Saturday, July 30, 2016

A good example


Atalanta was a girl in ancient Greece who had a miserable childhood with a father that wanted a son, was abandoned by him and brought up by bears, fought centaurs and boars and chose to excel at sport.

You would imagine that Atalanta would be pretty uncouth, as smelly as a bear and not the most desirable of girlfriends having been raised up this way; but not so. For some reason possibly to get hold of the franchise to exploit this maiden her father accepts her back and encourages her to the extent of laying down the rules for suitors to her hand. 

To win this hairy, smelly, uncouth maiden, suitors would have to beat her in a foot race. Losers she decides would indeed be that by losing their lives as some apparently did. However one young man Hippomenes with a great desire for Atalanta despite her odoriferous background wants to win her but sees how unlikely that is seeks Aphrodite’s help. She gives him three golden apples to tempt Atalanta with. He will  throw them down as they race to entice her to pick them up which is what you do if you have been raised by smelly bears, abandoned then reconciled with your very rich father who only wanted a son and now is being unbearably cruel to all suitors regardless of their looks or potential…or so the story goes.

They start running and clearly she is leading as of course she would be as he is toting three golden apples which must be very heavy. How he does this I can’t imagine as in ancient Greece competitors ran naked however whether he drops one or manages to throw it so she can see it despite her concentrating on her running, I don’t know; but my guess is that someone in the crowd of onlookers tells her what is going on and she glances round and despite her father being as rich as Midas; she chases after it and picks it up. So Hippomenes grabs the lead and slightly less encumbered with only two balls left sees her catching up again. So throws another gold ball possibly on a turn in the track so she goes chasing after the second gold ball heading in the opposite direction while he steams ahead again. This happens once more and she is the one that is now lumbered with balls and he wins the race and the hairy, smelly maiden for himself. Everybody rejoices and he marries Atalanta and even more unlikely stories are told about them later on.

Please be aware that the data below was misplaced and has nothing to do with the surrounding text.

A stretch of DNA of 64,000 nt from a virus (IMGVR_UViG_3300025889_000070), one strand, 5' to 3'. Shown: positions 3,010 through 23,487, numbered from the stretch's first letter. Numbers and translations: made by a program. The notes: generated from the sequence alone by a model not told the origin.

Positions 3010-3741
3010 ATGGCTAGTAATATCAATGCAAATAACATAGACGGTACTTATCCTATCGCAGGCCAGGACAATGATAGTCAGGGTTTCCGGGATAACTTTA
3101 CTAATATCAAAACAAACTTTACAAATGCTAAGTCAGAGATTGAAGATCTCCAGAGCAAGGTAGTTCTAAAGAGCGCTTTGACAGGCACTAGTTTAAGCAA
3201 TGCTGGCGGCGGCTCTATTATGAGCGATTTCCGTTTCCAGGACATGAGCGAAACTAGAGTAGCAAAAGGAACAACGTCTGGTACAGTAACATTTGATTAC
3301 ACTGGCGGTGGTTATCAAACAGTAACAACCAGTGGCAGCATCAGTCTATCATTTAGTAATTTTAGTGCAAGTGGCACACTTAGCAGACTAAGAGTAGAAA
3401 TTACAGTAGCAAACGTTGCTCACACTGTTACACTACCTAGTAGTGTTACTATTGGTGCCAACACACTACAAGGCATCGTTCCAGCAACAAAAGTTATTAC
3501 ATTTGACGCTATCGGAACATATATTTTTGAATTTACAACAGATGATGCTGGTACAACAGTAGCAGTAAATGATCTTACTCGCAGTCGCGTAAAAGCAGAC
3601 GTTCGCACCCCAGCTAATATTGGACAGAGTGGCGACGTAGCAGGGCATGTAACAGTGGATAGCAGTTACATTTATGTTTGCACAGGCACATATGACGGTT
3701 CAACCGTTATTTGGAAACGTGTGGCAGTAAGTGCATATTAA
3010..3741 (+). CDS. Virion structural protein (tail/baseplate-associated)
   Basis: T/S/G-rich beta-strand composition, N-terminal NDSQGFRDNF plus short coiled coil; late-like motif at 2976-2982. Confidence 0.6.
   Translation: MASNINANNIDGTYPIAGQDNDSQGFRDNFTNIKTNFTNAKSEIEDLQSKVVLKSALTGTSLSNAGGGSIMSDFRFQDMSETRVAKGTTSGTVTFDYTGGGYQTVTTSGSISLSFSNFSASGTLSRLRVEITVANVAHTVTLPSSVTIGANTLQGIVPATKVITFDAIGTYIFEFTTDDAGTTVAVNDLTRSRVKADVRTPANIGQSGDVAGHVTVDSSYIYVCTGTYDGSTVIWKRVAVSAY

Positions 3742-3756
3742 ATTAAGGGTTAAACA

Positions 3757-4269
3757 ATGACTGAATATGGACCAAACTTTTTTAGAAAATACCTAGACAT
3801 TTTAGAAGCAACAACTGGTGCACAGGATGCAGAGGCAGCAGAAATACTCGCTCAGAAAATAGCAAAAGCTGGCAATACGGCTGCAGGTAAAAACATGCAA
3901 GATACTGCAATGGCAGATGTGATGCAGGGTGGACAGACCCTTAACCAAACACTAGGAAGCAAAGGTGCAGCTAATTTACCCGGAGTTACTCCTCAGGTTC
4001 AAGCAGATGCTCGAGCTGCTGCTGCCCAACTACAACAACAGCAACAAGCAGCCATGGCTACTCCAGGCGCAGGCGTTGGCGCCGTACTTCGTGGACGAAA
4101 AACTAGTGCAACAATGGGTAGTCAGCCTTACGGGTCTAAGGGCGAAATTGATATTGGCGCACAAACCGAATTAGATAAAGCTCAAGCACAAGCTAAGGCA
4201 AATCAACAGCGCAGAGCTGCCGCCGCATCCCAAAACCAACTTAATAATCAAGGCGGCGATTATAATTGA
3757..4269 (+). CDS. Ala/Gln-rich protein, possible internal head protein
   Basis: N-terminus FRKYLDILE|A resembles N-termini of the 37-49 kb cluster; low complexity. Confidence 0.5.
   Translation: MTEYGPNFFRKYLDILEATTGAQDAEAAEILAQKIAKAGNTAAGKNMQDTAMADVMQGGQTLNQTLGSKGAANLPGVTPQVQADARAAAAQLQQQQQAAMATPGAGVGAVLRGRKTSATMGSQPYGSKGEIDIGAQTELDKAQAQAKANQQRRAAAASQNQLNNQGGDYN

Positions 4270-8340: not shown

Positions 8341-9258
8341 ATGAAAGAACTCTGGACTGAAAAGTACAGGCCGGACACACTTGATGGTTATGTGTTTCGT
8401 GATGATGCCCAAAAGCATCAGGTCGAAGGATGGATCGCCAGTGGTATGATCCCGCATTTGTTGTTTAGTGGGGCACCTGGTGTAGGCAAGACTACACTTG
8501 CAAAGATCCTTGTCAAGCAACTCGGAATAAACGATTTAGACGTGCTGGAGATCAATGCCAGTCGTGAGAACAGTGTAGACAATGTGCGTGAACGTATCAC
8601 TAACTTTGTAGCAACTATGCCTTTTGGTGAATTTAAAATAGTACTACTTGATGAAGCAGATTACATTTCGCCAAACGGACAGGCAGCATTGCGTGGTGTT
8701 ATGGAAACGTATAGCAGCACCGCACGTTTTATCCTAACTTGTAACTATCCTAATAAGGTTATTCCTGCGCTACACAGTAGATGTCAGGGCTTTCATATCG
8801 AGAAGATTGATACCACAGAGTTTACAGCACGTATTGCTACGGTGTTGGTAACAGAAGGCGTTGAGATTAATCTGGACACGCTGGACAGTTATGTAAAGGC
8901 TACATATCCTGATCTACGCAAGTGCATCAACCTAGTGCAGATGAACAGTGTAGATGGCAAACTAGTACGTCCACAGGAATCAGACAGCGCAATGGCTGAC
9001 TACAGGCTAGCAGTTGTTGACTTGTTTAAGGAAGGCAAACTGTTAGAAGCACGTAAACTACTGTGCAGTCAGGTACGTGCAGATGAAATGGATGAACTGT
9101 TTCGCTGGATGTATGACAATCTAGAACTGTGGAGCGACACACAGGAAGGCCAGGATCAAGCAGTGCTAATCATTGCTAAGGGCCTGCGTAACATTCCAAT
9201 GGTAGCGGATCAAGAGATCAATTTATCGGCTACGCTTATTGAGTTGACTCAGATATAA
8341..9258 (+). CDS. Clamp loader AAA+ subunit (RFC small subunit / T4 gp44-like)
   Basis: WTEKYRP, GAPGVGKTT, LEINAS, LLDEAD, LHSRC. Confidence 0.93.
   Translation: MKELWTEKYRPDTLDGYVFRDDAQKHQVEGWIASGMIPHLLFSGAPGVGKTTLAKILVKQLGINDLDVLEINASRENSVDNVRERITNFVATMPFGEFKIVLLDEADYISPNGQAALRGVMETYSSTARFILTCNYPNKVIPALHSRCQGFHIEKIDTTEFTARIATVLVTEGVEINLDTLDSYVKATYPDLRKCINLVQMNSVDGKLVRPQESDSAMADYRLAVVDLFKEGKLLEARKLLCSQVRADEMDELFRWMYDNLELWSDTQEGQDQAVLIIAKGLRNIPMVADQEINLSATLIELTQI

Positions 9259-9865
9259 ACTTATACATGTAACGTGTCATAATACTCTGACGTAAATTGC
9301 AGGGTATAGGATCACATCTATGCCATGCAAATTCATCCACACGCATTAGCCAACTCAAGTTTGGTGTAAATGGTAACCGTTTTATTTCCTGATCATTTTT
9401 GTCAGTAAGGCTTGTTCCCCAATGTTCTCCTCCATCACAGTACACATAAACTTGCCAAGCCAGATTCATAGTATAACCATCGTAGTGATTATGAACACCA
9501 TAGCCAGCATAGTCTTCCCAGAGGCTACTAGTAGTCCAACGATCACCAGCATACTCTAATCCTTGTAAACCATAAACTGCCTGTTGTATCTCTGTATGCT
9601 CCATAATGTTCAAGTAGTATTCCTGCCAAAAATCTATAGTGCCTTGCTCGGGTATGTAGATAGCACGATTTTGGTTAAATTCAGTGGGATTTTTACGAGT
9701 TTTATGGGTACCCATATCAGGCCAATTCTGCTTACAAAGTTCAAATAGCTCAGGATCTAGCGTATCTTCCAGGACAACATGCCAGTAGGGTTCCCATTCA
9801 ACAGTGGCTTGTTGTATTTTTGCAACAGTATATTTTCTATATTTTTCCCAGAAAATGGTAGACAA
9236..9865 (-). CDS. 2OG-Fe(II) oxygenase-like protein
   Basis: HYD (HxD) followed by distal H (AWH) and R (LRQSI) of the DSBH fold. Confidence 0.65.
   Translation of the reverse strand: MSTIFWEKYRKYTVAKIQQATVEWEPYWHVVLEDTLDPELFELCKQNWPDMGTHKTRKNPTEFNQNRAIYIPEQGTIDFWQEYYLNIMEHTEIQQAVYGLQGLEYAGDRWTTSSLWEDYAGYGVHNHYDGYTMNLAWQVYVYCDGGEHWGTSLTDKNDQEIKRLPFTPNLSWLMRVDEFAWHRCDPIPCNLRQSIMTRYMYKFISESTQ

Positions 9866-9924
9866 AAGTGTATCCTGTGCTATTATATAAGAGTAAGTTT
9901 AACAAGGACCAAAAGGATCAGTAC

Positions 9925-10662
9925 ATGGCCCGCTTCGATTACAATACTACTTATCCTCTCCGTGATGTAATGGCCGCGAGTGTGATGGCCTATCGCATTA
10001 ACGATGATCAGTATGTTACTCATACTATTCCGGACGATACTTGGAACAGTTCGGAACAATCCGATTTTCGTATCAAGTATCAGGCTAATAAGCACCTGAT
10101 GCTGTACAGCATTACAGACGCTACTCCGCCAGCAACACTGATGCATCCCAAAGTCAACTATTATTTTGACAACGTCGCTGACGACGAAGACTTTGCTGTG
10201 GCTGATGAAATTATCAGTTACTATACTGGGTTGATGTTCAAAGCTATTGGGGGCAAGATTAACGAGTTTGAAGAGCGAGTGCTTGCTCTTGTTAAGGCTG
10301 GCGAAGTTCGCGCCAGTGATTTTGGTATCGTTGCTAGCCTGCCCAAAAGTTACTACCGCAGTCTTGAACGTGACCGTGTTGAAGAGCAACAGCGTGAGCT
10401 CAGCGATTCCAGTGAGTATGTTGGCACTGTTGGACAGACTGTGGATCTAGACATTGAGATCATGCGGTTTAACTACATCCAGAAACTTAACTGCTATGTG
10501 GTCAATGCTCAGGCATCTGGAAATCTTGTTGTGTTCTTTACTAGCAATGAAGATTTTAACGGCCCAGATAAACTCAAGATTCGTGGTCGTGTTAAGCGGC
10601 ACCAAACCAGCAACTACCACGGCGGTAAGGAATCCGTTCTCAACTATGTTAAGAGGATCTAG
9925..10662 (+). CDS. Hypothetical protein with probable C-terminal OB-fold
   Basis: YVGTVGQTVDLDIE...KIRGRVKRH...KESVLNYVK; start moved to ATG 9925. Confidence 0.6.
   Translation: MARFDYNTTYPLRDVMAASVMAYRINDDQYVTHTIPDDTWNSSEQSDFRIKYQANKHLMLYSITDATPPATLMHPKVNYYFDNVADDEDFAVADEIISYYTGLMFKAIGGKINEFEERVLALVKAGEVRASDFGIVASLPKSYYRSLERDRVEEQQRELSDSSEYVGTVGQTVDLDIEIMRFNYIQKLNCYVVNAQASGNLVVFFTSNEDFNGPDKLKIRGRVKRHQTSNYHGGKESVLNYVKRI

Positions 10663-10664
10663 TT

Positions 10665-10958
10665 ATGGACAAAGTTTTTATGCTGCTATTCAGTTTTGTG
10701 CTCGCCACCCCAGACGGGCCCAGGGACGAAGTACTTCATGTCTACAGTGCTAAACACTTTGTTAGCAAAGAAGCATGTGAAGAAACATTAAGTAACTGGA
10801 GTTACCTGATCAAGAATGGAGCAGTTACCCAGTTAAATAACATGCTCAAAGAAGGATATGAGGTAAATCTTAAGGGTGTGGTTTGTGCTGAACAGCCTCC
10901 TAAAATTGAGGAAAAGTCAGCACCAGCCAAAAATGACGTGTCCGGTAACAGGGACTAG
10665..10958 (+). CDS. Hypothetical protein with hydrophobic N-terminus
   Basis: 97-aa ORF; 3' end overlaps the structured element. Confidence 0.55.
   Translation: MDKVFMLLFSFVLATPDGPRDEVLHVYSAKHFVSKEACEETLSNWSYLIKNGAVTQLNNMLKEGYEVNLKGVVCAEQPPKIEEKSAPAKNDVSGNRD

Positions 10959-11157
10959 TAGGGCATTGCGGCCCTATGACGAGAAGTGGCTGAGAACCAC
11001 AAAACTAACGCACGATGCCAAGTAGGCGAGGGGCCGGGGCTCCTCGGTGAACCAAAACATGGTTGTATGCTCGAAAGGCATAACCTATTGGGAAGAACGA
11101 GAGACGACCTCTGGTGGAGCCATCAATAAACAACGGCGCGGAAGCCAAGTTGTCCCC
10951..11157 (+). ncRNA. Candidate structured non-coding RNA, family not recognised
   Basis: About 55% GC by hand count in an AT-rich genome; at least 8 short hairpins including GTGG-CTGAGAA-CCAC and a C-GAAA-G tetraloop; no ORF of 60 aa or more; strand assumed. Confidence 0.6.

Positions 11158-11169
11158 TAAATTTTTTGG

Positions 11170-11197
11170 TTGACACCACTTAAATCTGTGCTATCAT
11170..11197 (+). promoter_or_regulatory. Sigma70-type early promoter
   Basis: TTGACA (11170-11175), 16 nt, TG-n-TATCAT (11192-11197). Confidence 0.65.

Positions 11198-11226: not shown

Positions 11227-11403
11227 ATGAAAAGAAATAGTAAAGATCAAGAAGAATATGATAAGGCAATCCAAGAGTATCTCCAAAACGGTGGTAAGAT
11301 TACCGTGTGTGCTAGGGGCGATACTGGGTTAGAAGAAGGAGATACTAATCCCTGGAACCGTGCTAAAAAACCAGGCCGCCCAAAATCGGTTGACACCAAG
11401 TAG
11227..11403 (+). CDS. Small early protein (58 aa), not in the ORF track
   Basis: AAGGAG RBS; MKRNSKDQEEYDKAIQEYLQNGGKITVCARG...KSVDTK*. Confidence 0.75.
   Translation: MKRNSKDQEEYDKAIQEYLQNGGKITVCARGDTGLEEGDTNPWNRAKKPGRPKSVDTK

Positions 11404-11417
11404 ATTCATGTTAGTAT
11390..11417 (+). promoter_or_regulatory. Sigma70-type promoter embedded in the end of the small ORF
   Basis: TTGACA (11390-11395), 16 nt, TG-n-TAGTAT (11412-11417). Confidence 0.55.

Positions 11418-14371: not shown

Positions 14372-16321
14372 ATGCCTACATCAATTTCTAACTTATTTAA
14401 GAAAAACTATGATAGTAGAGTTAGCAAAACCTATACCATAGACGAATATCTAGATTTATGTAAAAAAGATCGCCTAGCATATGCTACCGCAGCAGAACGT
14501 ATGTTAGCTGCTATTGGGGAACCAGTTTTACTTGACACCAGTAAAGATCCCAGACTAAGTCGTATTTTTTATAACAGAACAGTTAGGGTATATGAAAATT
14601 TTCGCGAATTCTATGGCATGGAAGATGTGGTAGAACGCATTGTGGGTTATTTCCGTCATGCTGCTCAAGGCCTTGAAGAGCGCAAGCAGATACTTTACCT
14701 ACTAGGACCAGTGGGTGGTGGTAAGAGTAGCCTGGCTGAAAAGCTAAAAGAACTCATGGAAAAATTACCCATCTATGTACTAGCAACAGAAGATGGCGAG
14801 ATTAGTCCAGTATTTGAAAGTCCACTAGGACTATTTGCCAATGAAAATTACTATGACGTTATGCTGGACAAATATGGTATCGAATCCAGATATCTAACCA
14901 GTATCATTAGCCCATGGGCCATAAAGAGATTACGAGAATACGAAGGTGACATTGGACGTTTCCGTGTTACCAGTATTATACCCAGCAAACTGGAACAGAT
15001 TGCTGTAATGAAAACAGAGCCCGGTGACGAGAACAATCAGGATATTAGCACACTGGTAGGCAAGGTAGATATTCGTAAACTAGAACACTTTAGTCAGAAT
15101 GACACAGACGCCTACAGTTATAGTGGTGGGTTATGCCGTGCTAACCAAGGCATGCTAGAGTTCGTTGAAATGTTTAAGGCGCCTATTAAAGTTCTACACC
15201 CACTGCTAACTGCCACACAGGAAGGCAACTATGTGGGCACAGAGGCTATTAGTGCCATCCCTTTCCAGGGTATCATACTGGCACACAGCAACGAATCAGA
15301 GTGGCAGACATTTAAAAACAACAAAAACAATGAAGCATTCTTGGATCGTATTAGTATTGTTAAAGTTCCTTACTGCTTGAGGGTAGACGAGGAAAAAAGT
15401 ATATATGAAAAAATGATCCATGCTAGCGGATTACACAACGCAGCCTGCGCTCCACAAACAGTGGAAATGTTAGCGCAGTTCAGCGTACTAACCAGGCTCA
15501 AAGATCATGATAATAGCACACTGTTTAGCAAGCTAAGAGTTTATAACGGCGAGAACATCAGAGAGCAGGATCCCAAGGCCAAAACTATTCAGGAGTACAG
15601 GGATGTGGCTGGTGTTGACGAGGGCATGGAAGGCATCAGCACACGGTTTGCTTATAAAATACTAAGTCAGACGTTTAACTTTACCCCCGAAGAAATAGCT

So how about Hippomenes and Atalanta you ask? Well, getting a good look at him after the race she realizes that perhaps such a resourceful chap wouldn’t be a bad husband after all so they get wed but in their eagerness completely forget to thank the gods for their help by which nothing could happen in those days. Zeus and Aphrodite are furious but luckily recognizing the couples love for each other they are placed in a constellation in the sky for all time. If you believe all that you must be on drugs too! 

Note: This is not a good story for children. Not because the characters are running around naked with people watching them but because this event may have been the start of cheating at sport for gain, albeit abetted by those in control of the sports people’s lives. Does this sound familiar?

N.B. I published a version of this story several years ago but as the Olympic Games start this week I thought it could do with an airing.

Image found at www.en.wikipepdia.org





1 comment:

  1. Am not watching tv for the next two weeks... Not interested in the Olympics. Your version of this Greek myth is interesting.

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